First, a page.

» Thursday, January 20, 2005

Mr. Yuschenko

Asked if the Prime Minister haD spoken to Mr. Yuschenko today in order to congratulate him on the Supreme Court's ruling the Prime Minister's Official Spokesman (PMOS) replied: no. Pressed further on whether congratulations had been sent, the PMOS said thee would have been communication through the normal channels.

Briefing took place at 15:45 | Read whole briefing | Comments (2)

Court Martial

Asked if the Prime Minister felt he had been given wrong advice from the Speaker regarding the court martial, the PMOS said the judge's comments recognised that the Prime Minister had to respond to questions. What the Prime Minister did do was expressed his remarks in a general, rather than a particular way, having consulted the Speaker's office beforehand to ensure we all had the same legal understanding. Equally, we recognised that we had to be very careful about what was said, and hoped everyone who was involved took note of what the judge had said.

Briefing took place at 15:45 | Read whole briefing | Comments (0)

David Blunkett’s House

Asked if David Blunkett would be staying in his house indefinitely, due to security reasons, the PMOS said "indefinitely" was a very big word. It was no unusual in the past for a transition period to occur in similar cases. The situation had not changed since the last time he was asked the same question last week. As for timescales, given there were security issues, the PMOS said he would not go into any further details.

Briefing took place at 15:45 | Read whole briefing | Comments (2)

Northern Ireland

Asked if there were any plans for the Prime Minister to meet the Sinn Fein leadership in the coming weeks. The PMOS replied that as we had already indicated last week, they would meet at some point and the purpose of the meeting would be to deliver a very simple message: there could be no deal with Republicans, and no point in negotiating with Republicans unless there was an end to both criminal and paramilitary activity. That was the message that the Prime Minister had delivered for the past 2½ years and that was the message the Prime Minister believed. As the Prime Minister had said in the House of Commons yesterday, if that message was not going to be acted on, then it inevitably meant we needed to think about other ways. The Prime Minister believed it was better to deliver the message to Sinn Fein so there was no misunderstanding at all.

Briefing took place at 15:45 | Read whole briefing | Comment (1)

24 Licensing

Asked if there were going to be any further meetings on 24 hour Licensing, the PMOS said he thought it would be a short time before people knew what the outcome was, and would therefore not have long to wait. He did not want to pre-empt any announcements.

Briefing took place at 15:45 | Read whole briefing | Comments (0)

Injured Servicemen

Asked if the Prime Minister or any other Ministers had plans to visit servicemen injured in Iraq, the PMOS reminded journalists that Geoff Hoon had visited Selly Oak in the early stages of the Iraq operation. He had also visited the hospital at Shaibah in theatre, most recently in December. Senior military personnel had also made a number of visits. Asked if the Prime Minister thought it was acceptable for the Defence Secretary to defend his failure to visit more inured troops by minimalising the injuries as minor and commenting that some of the injuries were caused by road traffic accidents and sports, the PMOS said that he had not seen the precise comments by the Defence Secretary but while it was a fact that some of the injuries were fairly minor, there were 790 cases of UK personnel whose injuries had been caused by hostile action, accidents and other incidents. No one in any way was trying to downplay the numbers or the seriousness of many of those injuries, it was necessary however to set the facts out as clearly as possible.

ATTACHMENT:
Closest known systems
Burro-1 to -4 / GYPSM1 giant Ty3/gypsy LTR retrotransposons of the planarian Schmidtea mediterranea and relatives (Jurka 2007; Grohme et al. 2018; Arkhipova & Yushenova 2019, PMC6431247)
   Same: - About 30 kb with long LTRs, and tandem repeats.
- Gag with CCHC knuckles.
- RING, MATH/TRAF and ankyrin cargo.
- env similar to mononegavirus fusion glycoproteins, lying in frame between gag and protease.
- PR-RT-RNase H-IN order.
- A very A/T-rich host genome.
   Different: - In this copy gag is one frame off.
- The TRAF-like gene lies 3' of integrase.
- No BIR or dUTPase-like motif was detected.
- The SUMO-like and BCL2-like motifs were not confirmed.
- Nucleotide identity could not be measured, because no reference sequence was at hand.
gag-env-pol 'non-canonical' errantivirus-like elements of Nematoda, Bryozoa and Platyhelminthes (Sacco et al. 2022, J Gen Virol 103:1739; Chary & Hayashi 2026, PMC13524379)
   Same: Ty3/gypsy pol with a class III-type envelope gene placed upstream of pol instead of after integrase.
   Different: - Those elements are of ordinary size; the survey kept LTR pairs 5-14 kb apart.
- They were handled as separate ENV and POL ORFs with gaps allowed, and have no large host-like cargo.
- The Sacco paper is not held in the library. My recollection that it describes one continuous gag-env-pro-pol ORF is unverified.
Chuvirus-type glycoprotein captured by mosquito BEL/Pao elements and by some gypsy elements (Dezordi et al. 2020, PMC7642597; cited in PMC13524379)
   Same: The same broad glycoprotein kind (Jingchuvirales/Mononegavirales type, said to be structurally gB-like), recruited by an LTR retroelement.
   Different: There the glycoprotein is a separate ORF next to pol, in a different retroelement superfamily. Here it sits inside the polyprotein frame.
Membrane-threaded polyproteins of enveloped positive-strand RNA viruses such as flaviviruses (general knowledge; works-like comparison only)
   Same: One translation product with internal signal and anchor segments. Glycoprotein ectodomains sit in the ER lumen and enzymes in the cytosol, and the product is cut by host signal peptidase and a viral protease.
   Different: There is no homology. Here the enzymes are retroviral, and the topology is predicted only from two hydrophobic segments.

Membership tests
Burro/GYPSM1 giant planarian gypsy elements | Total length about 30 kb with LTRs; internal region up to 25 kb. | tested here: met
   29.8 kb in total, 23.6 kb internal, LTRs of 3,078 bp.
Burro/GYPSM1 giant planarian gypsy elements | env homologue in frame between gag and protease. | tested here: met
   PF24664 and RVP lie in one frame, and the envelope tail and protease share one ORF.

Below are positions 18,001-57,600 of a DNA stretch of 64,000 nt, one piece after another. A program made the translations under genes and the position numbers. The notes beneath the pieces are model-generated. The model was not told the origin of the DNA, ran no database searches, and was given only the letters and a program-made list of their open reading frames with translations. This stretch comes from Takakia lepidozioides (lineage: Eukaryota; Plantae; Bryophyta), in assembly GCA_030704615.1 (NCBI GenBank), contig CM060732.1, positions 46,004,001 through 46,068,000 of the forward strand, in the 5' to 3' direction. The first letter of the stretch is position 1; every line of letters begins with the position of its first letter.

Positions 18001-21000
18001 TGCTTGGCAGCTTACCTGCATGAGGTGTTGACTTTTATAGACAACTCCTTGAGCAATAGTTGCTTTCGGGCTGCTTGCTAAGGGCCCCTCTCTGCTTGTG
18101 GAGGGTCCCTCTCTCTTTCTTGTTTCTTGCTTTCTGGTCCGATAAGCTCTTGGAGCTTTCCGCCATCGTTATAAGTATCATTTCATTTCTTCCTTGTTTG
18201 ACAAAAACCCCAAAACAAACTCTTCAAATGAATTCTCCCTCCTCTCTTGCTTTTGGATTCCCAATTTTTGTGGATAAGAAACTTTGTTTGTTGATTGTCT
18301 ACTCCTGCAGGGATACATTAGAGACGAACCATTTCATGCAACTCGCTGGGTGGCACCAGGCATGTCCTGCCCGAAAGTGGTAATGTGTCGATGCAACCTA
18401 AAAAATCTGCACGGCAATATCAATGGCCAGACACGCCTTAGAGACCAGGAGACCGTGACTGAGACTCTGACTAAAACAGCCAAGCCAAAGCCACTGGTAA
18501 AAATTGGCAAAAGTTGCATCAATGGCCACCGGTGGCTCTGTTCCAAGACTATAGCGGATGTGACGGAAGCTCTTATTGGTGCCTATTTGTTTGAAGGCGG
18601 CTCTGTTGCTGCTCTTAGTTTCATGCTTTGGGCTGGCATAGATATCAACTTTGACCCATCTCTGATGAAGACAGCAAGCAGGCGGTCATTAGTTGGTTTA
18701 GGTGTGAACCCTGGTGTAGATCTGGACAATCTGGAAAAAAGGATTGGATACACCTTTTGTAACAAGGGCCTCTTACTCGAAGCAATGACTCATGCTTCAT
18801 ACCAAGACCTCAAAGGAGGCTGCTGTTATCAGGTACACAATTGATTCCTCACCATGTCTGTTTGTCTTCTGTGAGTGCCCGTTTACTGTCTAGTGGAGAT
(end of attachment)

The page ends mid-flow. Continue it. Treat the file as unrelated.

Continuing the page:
Briefing took place at 11:00 | Read whole briefing | Comment (1)

Iraq Timetable

Asked about reports that the Government was urging the US to lay out a timetable for withdrawal from Iraq, the PMOS said that he had set out the position yesterday, and more importantly so had the Prime Minister during PMQs. The position was that we were in Iraq and we would finish the job. We had set out last April that the policy was one of Iraqisation, of building up the capacity of the Iraqi forces in the round to deal with terrorism. We were there at the moment at the request of the Iraqi interim government. It would be a matter for the democratically elected Iraqi government to decide what its policy was after the election. What was important was that we did not create a situation where we abandoned the first ever democratically elected Government of Iraq. We would not cut and run as the Prime Minister had said in April and that remained our position. Put to him that that was different to setting up a timetable for gradually phasing out the allied presence in Iraq, the PMOS said that yes it was different. The PMOS said that he was sorry if that doesn't quite accrue with what the Daily Telegraph had said but having a timetable in place irrespective of the facts on the ground was not what was needed. What was required was a policy geared towards allowing the Iraqis to take control of their own destiny. That did mean creating a situation in which democratic elections, though difficult, were possible but also creating a situation where a new democratically elected Iraqi government was able to protect itself. That had been the policy since April and remained the policy.

Briefing took place at 11:00 | Read whole briefing | Comments (2)

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